In Liguria, the wonder of the Gallinara Island Nature Reserve Ladies and Gentlemen, the Gallinara Island Nature Reserve. A protected marine area that on maps is just a dot: yet, on what is Liguria's only true island, wonder is in every corner. One only has to look around to see a still unspoilt environment of incredible historical, environmental and cultural value. For diving enthusiasts, then, this is a true paradise where they can look for the wrecks of ancient shipwrecks and caves guarding an incredible biodiversity. A boat trip to see it up close Located opposite Albenga, this jewel of the Riviera di Ponente is private and, therefore, tourist visits are not possible. However, it can be admired from close range by taking a boat trip, during which you can perhaps explore the seabed by snorkelling: you will come face to face with the rich and varied marine fauna. The reserve is one and a half kilometres away from the coast, from which it is separated by a channel of about 12 metres. A legend that may be history Legend has it that St Martin, Bishop of Tours, found refuge on the island of Gallinara. He settled in a cave facing the open sea, which for this reason still bears his name. This was a thesis that the Authority for Archaeological Heritage of Liguria advocated in the 1990s, conducting excavations along the south-eastern slopes of the island and in the San Martino cave that yielded important answers. This area was certainly used both as a burial ground and as a place of worship from the 4th century AD onwards, and hermits stayed on the island for a long time. History suggests that a Benedictine monastery existed here in 500 AD and during the 8th century, the monks made it the seat of a powerful abbey. After a period of prosperity between the 10th and 12th centuries, decline began in 1473 and from the mid-1800s it became a private area. It has been part of the Protected Areas system of the Liguria Region since 1989. Herring gulls and land tortoises On theIsland of Gallinara, herring gulls nest, especially on the high southern cliffs, and there are colonies of land tortoises. Among the seabed, however, it is possible to see yellow sponges, sea daisies and, among the rocky cliffs, formations of the Coralligeno. The northern part of the island is rich in Posidonia oceanica. Where to experience the most spectacular dives There are two diving spots on the island. The first is Punta Falconara or Christ the Redeemer: a second name that has existed since 1998, when a statue depicting a Christ was placed on these seabeds. Amidst sea daisies and benthic fauna, it is an easy dive to a maximum depth of 18 metres. The second dive site is Punta Sciusciau: more exposed to currents, this dive will allow you to admire groupers, moray eels, octopus and scorpion fish. If you go deeper, around 30 metres, you will instead find numerous sea sponges.
La Fontelina, Capri

La Fontelina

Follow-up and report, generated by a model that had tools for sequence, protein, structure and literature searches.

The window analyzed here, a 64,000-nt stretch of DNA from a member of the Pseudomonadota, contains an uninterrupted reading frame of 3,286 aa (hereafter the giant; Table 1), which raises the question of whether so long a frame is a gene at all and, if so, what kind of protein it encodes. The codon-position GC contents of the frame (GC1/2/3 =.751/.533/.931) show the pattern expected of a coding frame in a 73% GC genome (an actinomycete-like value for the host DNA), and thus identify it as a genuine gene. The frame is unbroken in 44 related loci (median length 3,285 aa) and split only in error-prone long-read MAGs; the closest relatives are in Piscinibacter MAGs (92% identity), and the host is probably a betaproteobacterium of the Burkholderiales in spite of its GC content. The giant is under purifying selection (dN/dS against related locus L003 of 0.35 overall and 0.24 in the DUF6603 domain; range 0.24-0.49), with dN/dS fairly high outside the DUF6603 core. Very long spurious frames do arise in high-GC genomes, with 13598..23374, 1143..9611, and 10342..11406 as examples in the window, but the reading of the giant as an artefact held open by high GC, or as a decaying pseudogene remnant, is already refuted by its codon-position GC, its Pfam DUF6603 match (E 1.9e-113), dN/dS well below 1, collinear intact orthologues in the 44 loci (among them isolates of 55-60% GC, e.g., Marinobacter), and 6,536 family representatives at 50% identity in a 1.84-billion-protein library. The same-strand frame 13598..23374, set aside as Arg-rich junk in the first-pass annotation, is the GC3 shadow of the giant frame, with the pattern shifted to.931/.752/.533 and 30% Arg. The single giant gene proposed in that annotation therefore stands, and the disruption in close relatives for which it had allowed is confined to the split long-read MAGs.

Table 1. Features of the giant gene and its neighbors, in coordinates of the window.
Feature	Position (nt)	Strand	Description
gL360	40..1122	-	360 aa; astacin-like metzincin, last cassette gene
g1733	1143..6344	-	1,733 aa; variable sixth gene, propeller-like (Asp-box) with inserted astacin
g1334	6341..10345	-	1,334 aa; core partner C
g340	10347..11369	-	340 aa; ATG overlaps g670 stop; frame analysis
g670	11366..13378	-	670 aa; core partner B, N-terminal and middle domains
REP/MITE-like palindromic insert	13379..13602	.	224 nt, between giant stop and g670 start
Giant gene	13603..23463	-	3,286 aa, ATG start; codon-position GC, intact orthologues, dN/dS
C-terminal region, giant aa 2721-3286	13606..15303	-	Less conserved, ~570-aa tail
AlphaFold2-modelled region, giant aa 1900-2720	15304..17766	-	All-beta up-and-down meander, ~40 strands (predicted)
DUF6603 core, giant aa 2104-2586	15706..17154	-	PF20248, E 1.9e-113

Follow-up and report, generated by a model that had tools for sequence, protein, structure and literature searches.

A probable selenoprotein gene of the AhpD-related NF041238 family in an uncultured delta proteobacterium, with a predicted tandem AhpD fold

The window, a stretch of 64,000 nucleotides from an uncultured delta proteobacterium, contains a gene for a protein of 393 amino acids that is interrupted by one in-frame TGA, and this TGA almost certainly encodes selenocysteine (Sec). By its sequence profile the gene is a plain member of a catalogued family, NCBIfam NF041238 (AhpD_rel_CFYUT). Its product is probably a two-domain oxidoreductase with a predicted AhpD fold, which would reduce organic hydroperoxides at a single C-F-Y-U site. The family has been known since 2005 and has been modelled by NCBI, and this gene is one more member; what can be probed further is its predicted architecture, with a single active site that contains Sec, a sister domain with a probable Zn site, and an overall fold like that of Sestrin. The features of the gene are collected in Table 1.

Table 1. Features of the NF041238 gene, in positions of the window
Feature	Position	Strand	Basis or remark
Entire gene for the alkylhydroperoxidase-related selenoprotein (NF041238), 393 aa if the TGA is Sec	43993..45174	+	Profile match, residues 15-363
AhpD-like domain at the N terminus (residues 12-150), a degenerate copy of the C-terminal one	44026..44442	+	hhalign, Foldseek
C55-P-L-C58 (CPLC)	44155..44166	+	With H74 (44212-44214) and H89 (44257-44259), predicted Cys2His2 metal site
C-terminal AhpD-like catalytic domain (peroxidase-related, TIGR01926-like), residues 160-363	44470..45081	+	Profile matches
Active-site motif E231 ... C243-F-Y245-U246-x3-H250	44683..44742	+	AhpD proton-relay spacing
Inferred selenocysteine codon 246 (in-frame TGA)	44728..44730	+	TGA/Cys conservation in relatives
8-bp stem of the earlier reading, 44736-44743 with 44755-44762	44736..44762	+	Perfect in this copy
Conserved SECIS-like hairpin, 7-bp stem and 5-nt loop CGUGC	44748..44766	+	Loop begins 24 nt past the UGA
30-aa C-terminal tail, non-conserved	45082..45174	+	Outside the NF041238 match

La Fontelina, a dream location on the legendary island of Capri At Capri, a magical island in the Gulf of Naples, the blue sea and the waves caress the tall “Faraglioni” sea-stack formations, a symbolic feature of one of the most beautiful and popular tourist destinations in the world. At La Fontelina, the rocks of the high coastline form a series of small coves offering natural pools where diving into the sea is a marvellous experience. In particular, the historic village and the Mediterranean maquis dotted with lemon trees are very attractive features of the island. A natural paradise Lying at a comfortable point on a bed of rock, you will feel as if you are in heaven. La Fontelina is an unforgettable location enhanced by the bright colours of its environment and offering an opportunity to achieve a state of total relaxation. You will arrive there after a lovely walk along the Belvedere di Tragara, and it is certainly worth returning to this viewpoint shortly after sunset. At La Fontelina you may also decide to spend some time at the Beach Club, a very famous bathing establishment with a private restaurant. The Italian place-name – “Fontelina” - literally means “source of linen” and derives from the fact that women on the island would come here to steep their flax leaves in brackish pools of water to produce linen, a fundamental fabric for the production of fishing nets and clothes. Guardians of the island The three sea stacks have always had the role of “guarding” the island and these imposing rocks rising out of the sea have become a representative icon. The first spur of rock, still joined to the coast, is known as Stella, the second is the Faraglione di Mezzo, which presents a magnificent natural arch, and the third is the Faraglione di Fuori; the solitary rocky islet called Monacone is only a short distance away. The 100-metre high spurs of rock will always be there in the background during your period of relaxation at La Fontelina, but for a closer view you might treat yourself to a sea-tour. An infinite number of excursions are offered on the island. Under the arch of the Faraglione di Mezzo it is a romantic custom to kiss one’s partner, and it is thought that the gesture will definitely bring good fortune. It is possible to enter the Grotta Azzurra only by lying down inside a rowing boat as it enters the hollow because the point of access is very low and narrow. A marvellous setting will then suddenly appear before you: the sensation is that of floating in a totally dark space, barely illuminated by shimmering light reflected on the surface of the water, reflecting an iridescent blue glare. Some boat rental services also propose fascinating sunset excursions. The rich nature of the seabed If you are passionate about snorkelling and diving or in any case interested in this kind of sporting activity, you are in the right place. There are a lot of diving centres. The deep sea and the rugged and indented coastline provide an ideal setting and magical seabed environments. Here you will discover a colourful dimension in the midst of red and yellow Gorgonia “sea fans”, the Posidonia seagrass and coral species of various colours, while dense shoals of orange Anthias, sunfish and pelagic fish will be swimming all around you. Beneath the surface of the water you will find submerged rock walls enveloped by beams of light that appear before you like shining blades. Around the rock stacks, using your fins, mask and a snorkel, you will become familiar with grouper fish and prawns. A never-ending story At this site we can reflect on prehistoric ages and periods when it was dominated by the presence of the Greeks and Romans. Many traces of historical events that have unfolded on the island of Capri are still present and evidence of past eras is carefully preserved. An early admirer of the island was the Roman Emperor Augustus. Roman patricians were enchanted by the beauty of the area and began to have villas and adjoining local water cistern systems built here over 2,000 years ago. Their sea vessels loaded with provisions would arrive here, passing by the gigantic Faraglioni rock stacks. Since that time Capri has never ceased to attract and enthral visitors and since the 1900s it has become a favourite destination for the international jet set. Roaming around the town Situated on a prominent rocky hill, the historic municipality of Capri is simply a delightful venue. The main square, Piazza Umberto I, is the heart of the village and most residents would simply refer to it as the “piazzetta”. You will enjoy having a coffee here in an open-air lounge; you can admire the view from the terrazza belvedere and then wander through the maze of narrow streets. You may decide to visit some of the beautiful churches and then the Certosa di San Giacomo, a Carthusian monastery with internal cloisters, the construction of which was completed in 1371. You should also walk through the Gardens of Augustus, where flower-covered terraces overlook the Faraglioni stacks on one side and the Marina Piccola bay on the other. The gardens are filled with a lot of indigenous vegetation, including holm oaks and cypress trees, mimosa plants and flower beds covered with gorse, dahlias and daffodils. Go for a leisurely walk among the lemon trees. Afterwards you may decide to use the chair-lift facility to reach Anacapri or, farther on, Monte Solaro, where you will enjoy extraordinary panoramic views at these high points.